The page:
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On the night of the fire, Samuel Bond‘s old Marine buddy invited him to celebrate his upcoming wedding. So Bond, 27, traveled from Richmond to Washington, D.C., and headed to the Good Guys strip club to join the bachelor party. At around 7 p.m., he sat down, had a couple drinks, talked with his buddy’s military friends, and watched naked women dance.
About an hour into the party, Bond heard a commotion, he says. He turned to see two individuals “grappling” with each other, he says; one of them had what looked to be a can in one hand and a “stove lighter” in the other. They fought for 5 to 6 seconds before Bond saw them “pitching to the ground.” A small flame from the man’s hand spread quickly across the club.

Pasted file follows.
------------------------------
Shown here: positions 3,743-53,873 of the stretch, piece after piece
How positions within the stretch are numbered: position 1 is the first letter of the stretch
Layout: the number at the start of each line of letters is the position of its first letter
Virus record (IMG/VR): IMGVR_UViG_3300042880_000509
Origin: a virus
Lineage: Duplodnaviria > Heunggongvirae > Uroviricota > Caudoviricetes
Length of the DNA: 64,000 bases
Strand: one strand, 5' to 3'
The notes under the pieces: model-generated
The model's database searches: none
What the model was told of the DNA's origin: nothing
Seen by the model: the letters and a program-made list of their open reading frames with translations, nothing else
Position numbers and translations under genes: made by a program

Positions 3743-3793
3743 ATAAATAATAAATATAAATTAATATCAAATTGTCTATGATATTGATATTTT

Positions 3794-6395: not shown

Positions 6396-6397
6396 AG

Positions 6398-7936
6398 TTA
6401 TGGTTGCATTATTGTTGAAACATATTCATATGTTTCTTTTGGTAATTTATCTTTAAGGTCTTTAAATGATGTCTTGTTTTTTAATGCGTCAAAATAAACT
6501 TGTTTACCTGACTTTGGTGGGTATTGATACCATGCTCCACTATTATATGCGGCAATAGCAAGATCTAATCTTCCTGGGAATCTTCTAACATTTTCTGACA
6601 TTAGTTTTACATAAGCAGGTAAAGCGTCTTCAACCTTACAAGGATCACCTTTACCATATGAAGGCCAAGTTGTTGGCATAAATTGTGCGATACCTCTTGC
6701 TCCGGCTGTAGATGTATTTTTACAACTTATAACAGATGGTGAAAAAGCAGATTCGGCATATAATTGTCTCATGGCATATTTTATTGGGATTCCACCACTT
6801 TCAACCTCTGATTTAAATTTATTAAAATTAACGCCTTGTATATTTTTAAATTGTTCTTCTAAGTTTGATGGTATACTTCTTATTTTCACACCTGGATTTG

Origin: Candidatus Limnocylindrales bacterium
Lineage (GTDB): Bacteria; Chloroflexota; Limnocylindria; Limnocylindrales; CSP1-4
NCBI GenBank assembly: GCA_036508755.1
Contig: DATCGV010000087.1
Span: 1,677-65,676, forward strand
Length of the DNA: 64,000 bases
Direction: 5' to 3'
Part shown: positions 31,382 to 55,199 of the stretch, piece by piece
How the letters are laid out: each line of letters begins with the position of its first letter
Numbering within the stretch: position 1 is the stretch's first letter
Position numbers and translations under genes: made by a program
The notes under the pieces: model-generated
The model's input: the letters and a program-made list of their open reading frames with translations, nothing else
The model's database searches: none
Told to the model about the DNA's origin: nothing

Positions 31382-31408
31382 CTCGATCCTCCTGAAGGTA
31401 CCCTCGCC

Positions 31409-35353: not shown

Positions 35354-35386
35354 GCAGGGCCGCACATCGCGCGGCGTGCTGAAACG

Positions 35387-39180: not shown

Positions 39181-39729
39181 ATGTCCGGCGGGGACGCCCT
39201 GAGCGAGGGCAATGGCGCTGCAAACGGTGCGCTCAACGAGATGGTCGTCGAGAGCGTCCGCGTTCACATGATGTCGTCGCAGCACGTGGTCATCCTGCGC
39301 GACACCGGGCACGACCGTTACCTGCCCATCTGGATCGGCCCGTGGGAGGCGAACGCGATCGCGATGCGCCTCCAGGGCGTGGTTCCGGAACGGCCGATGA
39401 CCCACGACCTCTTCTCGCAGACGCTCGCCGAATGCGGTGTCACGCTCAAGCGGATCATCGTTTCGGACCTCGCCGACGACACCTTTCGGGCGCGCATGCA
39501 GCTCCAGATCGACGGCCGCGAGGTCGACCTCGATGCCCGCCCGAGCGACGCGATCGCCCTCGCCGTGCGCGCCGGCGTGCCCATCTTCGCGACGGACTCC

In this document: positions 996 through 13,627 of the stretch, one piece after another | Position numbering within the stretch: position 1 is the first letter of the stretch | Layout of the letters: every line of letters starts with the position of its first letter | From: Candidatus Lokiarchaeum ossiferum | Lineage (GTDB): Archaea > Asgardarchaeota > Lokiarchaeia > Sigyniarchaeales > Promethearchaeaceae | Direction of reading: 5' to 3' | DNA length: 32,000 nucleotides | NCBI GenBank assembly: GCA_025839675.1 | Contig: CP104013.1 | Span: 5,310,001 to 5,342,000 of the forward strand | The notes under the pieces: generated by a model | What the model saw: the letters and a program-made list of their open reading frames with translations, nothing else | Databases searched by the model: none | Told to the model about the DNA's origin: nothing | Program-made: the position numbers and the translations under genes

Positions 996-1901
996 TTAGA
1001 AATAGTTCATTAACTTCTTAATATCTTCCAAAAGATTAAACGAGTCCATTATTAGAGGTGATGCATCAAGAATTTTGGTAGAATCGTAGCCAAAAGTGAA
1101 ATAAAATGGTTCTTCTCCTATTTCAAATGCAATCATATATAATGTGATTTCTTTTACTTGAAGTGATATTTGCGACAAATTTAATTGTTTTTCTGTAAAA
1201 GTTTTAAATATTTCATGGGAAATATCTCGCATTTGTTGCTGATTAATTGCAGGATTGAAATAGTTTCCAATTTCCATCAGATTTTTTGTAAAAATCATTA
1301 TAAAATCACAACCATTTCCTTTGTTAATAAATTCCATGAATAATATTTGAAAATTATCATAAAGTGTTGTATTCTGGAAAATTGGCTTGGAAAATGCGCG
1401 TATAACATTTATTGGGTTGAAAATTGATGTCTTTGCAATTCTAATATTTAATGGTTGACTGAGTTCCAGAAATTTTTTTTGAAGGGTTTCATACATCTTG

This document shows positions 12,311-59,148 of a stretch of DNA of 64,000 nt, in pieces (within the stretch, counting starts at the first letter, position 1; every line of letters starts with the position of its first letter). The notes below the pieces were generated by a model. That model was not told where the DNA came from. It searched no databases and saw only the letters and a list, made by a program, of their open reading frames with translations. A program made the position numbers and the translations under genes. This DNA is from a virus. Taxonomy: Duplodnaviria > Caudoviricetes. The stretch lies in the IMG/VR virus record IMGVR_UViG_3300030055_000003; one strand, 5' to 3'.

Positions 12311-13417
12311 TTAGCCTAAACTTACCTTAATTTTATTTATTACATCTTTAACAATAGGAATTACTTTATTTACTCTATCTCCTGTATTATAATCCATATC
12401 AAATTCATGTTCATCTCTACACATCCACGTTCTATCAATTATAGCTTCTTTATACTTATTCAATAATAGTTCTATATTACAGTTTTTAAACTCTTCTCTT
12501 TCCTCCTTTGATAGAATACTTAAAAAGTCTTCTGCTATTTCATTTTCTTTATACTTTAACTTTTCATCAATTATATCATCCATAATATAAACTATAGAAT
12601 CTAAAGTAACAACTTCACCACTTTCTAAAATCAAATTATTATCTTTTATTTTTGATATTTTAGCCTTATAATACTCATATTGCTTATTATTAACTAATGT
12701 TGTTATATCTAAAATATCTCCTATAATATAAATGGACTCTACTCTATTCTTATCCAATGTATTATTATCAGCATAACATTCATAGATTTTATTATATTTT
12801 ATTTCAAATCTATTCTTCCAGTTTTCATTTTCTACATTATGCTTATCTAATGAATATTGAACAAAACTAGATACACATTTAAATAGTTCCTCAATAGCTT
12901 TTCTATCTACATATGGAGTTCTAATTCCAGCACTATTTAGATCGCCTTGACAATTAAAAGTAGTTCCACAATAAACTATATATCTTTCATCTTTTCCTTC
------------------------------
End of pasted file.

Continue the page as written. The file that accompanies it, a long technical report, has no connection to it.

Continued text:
“Everyone started yelling and trying to get out,” says Bond, a Marine Corps captain. When the flame ignited, he and his friends rushed to the exit. He looked over his shoulder and saw “an individual completely engulfed in flames.” He thought he saw another member of the bachelor party “trying to roll some of the flame off of him.” It wasn’t working.
After exiting the club, says Bond, he and another member of the party made their way to the front of the club. They opened the front door to try to find anyone left behind. They went next door to get a fire extinguisher, then returned to Good Guys and extinguished the rest of the flame, which was still burning in the club’s tables and chairs. A couple minutes later, he says, emergency personnel arrived.